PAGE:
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New clinical trial for MS patients

a person with multiple sclerosis in a wheelchair being looked after by a nurse
a person with multiple sclerosis in a wheelchair being looked after by a nurse

A world-first mega-trial for progressive multiple sclerosis (MS) will launch in the UK later this year, says the MS Society.

Octopus, so called because of its multiple arms, is a revolutionary clinical trial that will transform the way treatments for progressive MS are tested – and could deliver desperately needed new options up to three times faster.

Dr Emma Gray, Assistant Director of Research at the MS Society, said: “More than 130,000 people live with MS in the UK and there are tens of thousands with progressive forms who have nothing to stop their MS getting worse. But we believe we can stop MS, and the launch of Octopus is a crucial moment in our journey towards that goal.”

Made possible by charity funding, Octopus will test several drugs – rather than just one – against a placebo at the same time. The trial will also combine what would normally be two consecutive trial phases into one. By bringing together lots of trials in this way, Octopus could rapidly speed up the development of new treatments.

Professor Olga Ciccarelli is a leading magnetic resonance imaging (MRI) expert in the field of MS, and has been instrumental in developing Octopus.

She said: “Octopus is a game changer for how MS clinical trials are run. As well as testing many treatments at the same time with only one placebo arm, we’ll use an interim analysis of MRI scans to allow us to progress to the next stage much quicker. If scans show a treatment is slowing the rate of brain shrinkage, we can assume it will eventually slow disability worsening – and then investigate it with hundreds more participants. Any treatments not showing potential in the MRI analysis will be dropped, so we’re not wasting time or resource on treatments unlikely to be successful.

“Ultimately it’s a much more efficient trial, and a major step forward in the search for progressive MS treatments.”

The flexible approach also means the trial team can continually update Octopus as their knowledge evolves. For example if scientists were to discover another effective treatment in the laboratory, that can be quickly slotted in – rather than waiting years to set up a whole new trial.

Susan Scott, from Ashwell in Hertfordshire, was diagnosed with the relapsing form of MS in 2001. For over eight years she has been working with researchers and the MS Society to develop Octopus, representing the perspective of people living with MS.

Susan said: “When I was diagnosed with MS there wasn’t much to treat my condition. But in twenty years there’s been an absolute explosion of treatments available for me. I want people with progressive MS to have the same options I do. I know a young woman who, when I first met her, had just recently starting using a wheelchair. Within three years, she had no arm function or head support, and her voice had virtually gone. I feel passionately that we must work together to do something about this.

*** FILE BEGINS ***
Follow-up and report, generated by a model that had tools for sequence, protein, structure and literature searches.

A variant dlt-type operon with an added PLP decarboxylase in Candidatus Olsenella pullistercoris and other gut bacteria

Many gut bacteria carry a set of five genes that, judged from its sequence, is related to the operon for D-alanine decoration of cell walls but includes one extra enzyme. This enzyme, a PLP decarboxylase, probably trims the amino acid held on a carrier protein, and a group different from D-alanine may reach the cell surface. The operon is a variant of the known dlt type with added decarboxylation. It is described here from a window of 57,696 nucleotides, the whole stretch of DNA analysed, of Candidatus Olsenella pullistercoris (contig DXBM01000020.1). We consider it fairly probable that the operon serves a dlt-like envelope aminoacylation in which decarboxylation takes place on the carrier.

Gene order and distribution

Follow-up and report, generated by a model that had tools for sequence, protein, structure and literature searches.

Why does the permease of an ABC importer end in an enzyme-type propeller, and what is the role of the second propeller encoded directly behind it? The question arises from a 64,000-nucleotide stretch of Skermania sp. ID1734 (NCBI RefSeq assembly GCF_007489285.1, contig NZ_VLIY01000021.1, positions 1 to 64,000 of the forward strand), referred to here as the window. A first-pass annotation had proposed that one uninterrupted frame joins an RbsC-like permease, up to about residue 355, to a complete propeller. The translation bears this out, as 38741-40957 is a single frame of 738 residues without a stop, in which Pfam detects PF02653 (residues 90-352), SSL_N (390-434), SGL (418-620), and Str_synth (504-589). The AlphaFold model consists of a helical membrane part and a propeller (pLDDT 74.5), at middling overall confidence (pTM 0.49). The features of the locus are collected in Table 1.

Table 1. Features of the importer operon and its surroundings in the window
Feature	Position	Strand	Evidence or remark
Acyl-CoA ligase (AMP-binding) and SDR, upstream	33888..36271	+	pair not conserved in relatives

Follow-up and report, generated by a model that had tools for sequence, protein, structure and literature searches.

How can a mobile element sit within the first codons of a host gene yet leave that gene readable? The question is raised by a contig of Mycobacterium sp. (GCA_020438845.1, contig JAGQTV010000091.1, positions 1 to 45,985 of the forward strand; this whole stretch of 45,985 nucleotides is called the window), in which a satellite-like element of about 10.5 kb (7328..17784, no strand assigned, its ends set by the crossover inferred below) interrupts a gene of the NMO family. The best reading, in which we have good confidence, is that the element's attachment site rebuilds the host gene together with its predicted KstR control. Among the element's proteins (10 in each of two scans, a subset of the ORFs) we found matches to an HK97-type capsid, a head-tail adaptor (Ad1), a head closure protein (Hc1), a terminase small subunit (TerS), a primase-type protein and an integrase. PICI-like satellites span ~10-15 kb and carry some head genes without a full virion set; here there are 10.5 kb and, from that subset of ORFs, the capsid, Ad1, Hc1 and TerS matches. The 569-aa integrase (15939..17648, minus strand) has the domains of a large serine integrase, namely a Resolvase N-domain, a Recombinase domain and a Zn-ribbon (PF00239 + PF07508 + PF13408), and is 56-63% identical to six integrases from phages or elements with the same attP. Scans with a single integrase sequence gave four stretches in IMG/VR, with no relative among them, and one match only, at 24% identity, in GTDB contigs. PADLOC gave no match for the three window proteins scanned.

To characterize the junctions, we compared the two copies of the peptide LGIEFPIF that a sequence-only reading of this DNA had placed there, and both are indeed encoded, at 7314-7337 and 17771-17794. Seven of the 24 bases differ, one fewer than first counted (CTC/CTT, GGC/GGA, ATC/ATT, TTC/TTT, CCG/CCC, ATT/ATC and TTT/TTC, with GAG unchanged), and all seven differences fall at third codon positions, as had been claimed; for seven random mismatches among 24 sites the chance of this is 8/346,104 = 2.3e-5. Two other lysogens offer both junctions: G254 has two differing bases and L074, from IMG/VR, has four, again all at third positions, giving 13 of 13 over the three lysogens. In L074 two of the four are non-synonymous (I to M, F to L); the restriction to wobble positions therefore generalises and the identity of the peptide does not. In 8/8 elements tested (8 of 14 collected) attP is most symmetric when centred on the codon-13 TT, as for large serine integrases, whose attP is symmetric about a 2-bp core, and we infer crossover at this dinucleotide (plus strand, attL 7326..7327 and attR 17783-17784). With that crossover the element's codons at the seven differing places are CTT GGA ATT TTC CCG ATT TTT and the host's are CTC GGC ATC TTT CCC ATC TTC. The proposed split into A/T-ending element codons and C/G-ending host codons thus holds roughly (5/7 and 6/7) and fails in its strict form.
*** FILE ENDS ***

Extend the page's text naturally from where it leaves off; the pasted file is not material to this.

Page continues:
Adding: “I’ve been really impressed that the patient representation for Octopus is not just superficial – for example we’ve been able to influence how participants will receive information, including newsletters, social media and good old-fashioned mail. Most people with MS become experts in their own condition, so it’s rewarding to know we are being listened to and not just patted on the head.”

Dr Emma Gray adds: “Decades of research has got us to a critical point, and our ambition to speed up clinical trials is ready to become a reality. Right now our amazing MS researchers are finalising which treatments Octopus will test first, and later this year we hope to start recruiting people with progressive MS to take part. But we need help to make this, and all our vital research, happen.”

Octopus is just one of many vital research projects made possible by the MS Society’s Stop MS Appeal – which aims to raise £100 million to find treatments for everyone with MS. Donations also help the charity fund innovative research projects like the MS Society Tissue Bank, the UK MS Register, and two new UK Centres of Excellence for MS Research, announced earlier this year.

Text FUTURE1 to 70800 to donate £5 and support the Stop MS Appeal, or visit mssociety.org.uk/stop-ms for more information

Messages cost £5 plus your standard network rate. 100% of your text donation will be received by the MS Society. To opt-out of future text messages from us please text NOSMS MSS to 88008. For full terms and conditions visit: www.mssociety.org.uk/privacy

Over 130,000 people live with multiple sclerosis (MS) in the UK.